Good Governance Practices Contribute to Indonesian Development
The seminar was attended by over 100 participants from civil society organizations. The panel included the former Commissioner of the Corruption Eradication Commission, a lecturer on sociology of University of Indonesia, researchers of the Habibie Centre, and the Director of the Consortium for Election and Democracy.
Although, according to statistical data, Indonesia has made significant progress regarding the eradication of corruption, it is still a prevalent problem. Indonesia is still categorized as a low middle income country. Moving towards the upper or high-income classification, Indonesia will need to keep and increase the existing growth rate of 5,2% per anno. This, however, must be achieved through clean and good governance practices.
Direct Election System
The seminar, inter alia, focused on the question whether the direct election of local governments by the people is the right choice. The direct election system is costly for the candidates. Once they are elected, the successful candidates tend to turn to corrupt practices for a payback on their investment. Another problem is that the political parties are not sufficient financially supported through the state budget.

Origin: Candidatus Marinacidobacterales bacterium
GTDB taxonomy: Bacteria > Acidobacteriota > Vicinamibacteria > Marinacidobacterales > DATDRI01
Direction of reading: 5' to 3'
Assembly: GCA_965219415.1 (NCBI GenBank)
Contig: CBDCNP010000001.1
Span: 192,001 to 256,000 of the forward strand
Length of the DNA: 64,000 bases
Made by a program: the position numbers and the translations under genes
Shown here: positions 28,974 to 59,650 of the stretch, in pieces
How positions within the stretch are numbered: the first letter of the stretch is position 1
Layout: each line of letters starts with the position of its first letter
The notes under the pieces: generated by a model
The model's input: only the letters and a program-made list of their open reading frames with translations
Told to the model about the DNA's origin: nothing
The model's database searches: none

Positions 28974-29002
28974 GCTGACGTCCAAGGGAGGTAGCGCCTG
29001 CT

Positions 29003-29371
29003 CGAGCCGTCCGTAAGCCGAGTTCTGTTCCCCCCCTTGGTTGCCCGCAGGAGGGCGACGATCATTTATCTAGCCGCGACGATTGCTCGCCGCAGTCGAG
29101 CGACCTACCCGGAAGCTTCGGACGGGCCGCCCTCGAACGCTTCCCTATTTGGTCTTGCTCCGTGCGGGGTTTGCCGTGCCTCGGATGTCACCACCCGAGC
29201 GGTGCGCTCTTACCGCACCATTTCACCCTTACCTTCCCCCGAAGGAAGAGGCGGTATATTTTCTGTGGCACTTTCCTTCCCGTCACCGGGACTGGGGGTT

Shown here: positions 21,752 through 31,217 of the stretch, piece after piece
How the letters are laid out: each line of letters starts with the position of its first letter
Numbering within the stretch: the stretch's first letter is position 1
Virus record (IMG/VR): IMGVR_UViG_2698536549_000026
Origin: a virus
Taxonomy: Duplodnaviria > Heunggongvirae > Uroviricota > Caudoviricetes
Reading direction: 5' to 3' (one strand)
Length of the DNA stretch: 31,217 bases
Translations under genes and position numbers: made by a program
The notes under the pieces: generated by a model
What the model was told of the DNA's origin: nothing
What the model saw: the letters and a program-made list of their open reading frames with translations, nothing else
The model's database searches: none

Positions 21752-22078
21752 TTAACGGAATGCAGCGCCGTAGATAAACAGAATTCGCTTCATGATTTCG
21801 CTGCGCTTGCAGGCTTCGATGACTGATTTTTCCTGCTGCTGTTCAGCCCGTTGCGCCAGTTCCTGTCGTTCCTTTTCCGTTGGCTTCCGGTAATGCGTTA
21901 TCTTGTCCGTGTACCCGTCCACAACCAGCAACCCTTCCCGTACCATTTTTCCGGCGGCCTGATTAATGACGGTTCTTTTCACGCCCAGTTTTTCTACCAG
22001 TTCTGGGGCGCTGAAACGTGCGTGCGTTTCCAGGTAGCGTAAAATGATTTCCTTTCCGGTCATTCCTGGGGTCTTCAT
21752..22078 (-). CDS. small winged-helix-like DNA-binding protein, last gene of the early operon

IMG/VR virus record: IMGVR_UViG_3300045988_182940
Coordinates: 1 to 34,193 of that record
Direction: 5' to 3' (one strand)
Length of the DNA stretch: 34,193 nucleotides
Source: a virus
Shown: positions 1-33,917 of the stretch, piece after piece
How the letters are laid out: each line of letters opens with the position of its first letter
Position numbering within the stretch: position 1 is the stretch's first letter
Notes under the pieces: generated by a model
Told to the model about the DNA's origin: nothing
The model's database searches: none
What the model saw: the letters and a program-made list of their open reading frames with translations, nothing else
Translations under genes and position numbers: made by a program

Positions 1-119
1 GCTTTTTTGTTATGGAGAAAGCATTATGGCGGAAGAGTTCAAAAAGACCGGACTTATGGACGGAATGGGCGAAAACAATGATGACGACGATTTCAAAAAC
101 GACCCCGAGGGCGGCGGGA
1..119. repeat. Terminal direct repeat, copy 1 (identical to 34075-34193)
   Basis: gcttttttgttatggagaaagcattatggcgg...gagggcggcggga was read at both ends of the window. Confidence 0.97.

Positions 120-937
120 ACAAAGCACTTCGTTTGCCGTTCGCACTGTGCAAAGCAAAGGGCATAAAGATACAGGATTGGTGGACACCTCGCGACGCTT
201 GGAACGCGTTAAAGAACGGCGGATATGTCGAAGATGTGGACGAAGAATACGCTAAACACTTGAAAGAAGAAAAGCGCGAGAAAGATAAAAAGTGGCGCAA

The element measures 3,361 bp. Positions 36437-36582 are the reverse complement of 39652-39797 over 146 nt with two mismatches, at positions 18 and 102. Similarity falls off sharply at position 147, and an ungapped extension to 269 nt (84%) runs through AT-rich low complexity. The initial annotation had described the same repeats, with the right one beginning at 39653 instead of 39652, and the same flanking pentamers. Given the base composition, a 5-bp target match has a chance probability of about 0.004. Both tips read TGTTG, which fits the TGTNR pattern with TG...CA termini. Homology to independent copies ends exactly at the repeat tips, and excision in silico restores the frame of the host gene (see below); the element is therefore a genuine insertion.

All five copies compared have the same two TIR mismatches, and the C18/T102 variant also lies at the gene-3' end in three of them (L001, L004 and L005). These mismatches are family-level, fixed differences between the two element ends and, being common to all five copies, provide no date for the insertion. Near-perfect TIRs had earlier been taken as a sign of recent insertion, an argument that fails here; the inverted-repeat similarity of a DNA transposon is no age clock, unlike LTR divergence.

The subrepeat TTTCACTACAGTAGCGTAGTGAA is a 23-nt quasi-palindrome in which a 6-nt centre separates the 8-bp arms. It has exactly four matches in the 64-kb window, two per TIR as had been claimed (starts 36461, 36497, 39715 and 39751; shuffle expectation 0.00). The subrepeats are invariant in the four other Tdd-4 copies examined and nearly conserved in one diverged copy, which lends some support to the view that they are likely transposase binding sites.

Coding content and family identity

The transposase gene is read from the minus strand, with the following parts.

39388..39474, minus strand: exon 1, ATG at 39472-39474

The panelists explained to the audience that not only local governments heads are involved in corruption, but also the private sector and other high-ranking civil servants. It was concluded that direct or indirect election systems are not the only relevant factor for corruption. The speakers emphasized that a strong rule of law and application of fundamental rights is needed to improve the situation. The speakers then made recommendations on how to improve the system as mandated by the democratic system of Indonesia.